“In Your Heart” Series Review (Ep.1 to 8)

This is an astonishing and brilliant exercise in cinematic adroitness that has been, unfortunately misunderstood and misinterpreted, but not necessarily incorrectly. Does that sound like an oxymoron? Perhaps.

It is distinguishable because of its simplicity, yet imparts a profound and deeply moving story of pure love, not that of the fairytale type. If you watch it as a metaphor for life, you will understand its symbolism. It is an allegory. From what I have been able to deduce, this series was produced in China but distributed through Hong Kong. That in and of itself is astonishing since all of us who are gay know what the Chinese government thinks of us and how repressive they are. This show is albeit a remarkable journey.

While I understand and empathize to a degree with some of the unrelated scenes from this show, I simply do not fully subscribe to the criticisms of this series (that the actions taken seemed random). To me, they made perfect sense. In today’s world, we see things through our own prism and our own experiences and tend to shut out what does not fit. To understand this series, I chose to watch it through their prism, which indeed was much like my own growing up.

It is a story between two friends who grew up together. Cheng Yi (Hu Shi Wen), is a troublemaker and has a short temper. His counterpart is his best friend, Ling Zi Ming (Hu Bo Wen). The two have been close friends since grade school and are intertwined with each other. They are the Yin and Yang to one other. Both love each other, but on different levels. Ling Zi is deeply in love with him and senses and knows that he is. Cheng Yi’s feelings are more hidden, and he is unable to bring them to a cognizant level; but they are definitely there. I completely understand where these two are in their development. They cannot bring it to awareness because of societal pressures and internal frailties, much like me when I grew up. It was simply not ‘right’.

This story is a journey of understanding who they are to each other and what they mean to one another. They have been and shall always be in love. They are soulmates even if they do not fully understand that yet or fully comprehend its power. It is a story of pretense. They pretend to be friends. They pretend to be like brothers. Cheng Yi pretends to like a girl. But that only takes them so far. Until finally, on Ling Zi’s birthday, which happens to be Christmas, Cheng Yi decides to spend the time with his ‘girlfriend’, rather than Ling Zi which he has always done. His girlfriend is a representative figure. While real, she is an allegory. She tells him that his heart is not with her but with his friend and they belong together. I thought it was an astonishing soliloquy and perfectly delivered (on Christmas day) giving him permission to be himself. “Look into your heart”, she says. While he might like her, “what you want to pursue is not always the best for you”. (She is like Christmas present from a Christmas Carol). He realizes where he must be and rushes back only for Ling Zi to be waiting for him out in the cold. As if it were Christmas magic, they kiss. I got it completely and understood the deep connection between the two. It just felt so right. And had to be. It was meant to be. Still, the kiss did not yet make them understand the depth of their bond. It was muted because they both lacked the ability to embrace what really happened to them. Nevertheless, I was so moved by this not-quite-understood transition from friends to soulmates.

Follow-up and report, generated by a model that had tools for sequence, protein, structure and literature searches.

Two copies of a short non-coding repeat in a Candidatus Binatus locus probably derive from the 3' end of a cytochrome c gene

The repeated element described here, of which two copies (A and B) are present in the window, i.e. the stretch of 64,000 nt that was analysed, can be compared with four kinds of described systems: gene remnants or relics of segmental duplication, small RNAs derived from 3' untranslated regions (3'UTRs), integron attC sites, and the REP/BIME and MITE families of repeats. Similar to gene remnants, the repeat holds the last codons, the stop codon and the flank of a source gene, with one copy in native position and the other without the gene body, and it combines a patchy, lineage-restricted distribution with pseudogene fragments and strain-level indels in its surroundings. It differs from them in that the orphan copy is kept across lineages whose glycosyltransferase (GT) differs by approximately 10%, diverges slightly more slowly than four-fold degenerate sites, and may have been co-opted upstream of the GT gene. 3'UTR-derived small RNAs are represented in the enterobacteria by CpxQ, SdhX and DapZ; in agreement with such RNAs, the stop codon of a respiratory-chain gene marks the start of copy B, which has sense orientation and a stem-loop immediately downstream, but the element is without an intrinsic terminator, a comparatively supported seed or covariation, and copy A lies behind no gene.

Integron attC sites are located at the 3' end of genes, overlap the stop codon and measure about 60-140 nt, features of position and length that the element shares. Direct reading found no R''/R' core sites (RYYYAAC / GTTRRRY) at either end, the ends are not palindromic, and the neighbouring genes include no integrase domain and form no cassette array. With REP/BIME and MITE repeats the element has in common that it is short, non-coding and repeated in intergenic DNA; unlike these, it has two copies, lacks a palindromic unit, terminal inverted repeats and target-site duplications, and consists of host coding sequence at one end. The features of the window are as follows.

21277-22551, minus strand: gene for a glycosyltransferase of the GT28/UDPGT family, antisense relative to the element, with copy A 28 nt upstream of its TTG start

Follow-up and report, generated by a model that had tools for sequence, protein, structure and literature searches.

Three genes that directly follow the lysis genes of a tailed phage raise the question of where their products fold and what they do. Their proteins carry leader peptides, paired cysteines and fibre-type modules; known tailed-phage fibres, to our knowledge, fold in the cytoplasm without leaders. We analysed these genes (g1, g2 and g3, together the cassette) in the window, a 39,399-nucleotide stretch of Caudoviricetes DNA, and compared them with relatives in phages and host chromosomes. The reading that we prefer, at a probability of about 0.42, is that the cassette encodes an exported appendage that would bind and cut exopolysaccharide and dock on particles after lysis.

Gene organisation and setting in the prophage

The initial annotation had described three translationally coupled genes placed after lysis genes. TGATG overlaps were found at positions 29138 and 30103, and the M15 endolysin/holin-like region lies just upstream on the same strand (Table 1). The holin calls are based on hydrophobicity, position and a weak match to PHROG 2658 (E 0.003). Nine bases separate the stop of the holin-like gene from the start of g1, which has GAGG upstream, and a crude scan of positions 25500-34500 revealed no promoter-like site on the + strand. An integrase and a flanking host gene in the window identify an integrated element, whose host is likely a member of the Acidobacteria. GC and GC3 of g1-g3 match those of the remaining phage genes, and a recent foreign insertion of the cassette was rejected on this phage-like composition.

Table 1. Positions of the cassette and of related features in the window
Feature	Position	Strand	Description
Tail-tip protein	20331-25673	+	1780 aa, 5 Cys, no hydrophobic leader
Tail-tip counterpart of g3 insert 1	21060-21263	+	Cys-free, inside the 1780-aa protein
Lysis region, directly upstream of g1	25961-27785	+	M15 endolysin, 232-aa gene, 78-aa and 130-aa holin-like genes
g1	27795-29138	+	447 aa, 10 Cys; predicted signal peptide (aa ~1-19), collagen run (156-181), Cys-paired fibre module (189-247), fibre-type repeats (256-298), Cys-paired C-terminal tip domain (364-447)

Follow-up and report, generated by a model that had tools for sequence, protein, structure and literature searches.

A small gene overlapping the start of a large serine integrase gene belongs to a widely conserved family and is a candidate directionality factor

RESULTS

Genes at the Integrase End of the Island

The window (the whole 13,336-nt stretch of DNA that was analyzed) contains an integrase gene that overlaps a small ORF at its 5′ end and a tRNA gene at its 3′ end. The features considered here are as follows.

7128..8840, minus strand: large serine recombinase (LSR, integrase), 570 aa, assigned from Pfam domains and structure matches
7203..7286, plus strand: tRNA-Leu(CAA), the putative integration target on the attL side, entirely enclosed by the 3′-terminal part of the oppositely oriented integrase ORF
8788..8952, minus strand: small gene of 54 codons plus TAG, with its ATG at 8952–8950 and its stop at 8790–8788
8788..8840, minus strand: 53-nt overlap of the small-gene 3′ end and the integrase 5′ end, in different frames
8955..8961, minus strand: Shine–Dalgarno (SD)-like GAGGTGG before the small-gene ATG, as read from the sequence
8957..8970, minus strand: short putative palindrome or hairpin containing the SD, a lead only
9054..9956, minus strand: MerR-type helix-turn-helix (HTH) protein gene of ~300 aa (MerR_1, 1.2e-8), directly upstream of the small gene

Even the introduction of an individual who is a ‘Savior” (good) for them, Lu Xiang Lin (Huang Bo Zhi) who, admittedly is one of the handsomest actors I have ever seen, cannot dent the bond that the two have with each other. He helps Cheng Yi merely to get close to Ling Zi; as it is obvious, he is also interested in him. But Ling Zi’s only focus is on Cheng Yi. Despite his attempts, Lu Xiang is and only will be a friend, no matter what the temptations are. The one who got Cheng Yi in trouble, Yue Yuzhi (Meng Yue Chen) is an instigator and also a ‘bad’ person. Having seen what the three other guys now have, he wants to be ‘friends’ as well and asks forgiveness for his transgressions, which he receives. Therefore, you have these four guys forming a bond, each different, but connected to one another through a union of friendship and understanding. So, you have ‘good’ and ‘bad’ side-by-side with ‘yin and yang’.

Cheng Yi lives with his grandmother; being abandoned by his mother years ago (she does come back into the picture). There is an astonishing and beautiful exchange between mother and son as she comes back and tries to get him to come live with her. It is profoundly moving but represents in reality a transitioning point between adolescence and adulthood. He must learn to grow up. He poignantly explains to his mother who he is and where he is. Perhaps that is the catalyst for him to now ‘see’ his relationship with Li Zing at another level. His grandmother, who represents the past and a sense of comfort, tells him she can no longer take care of him, and he must look forward; not back, and has to move with his mother. In other words, he is becoming an adult.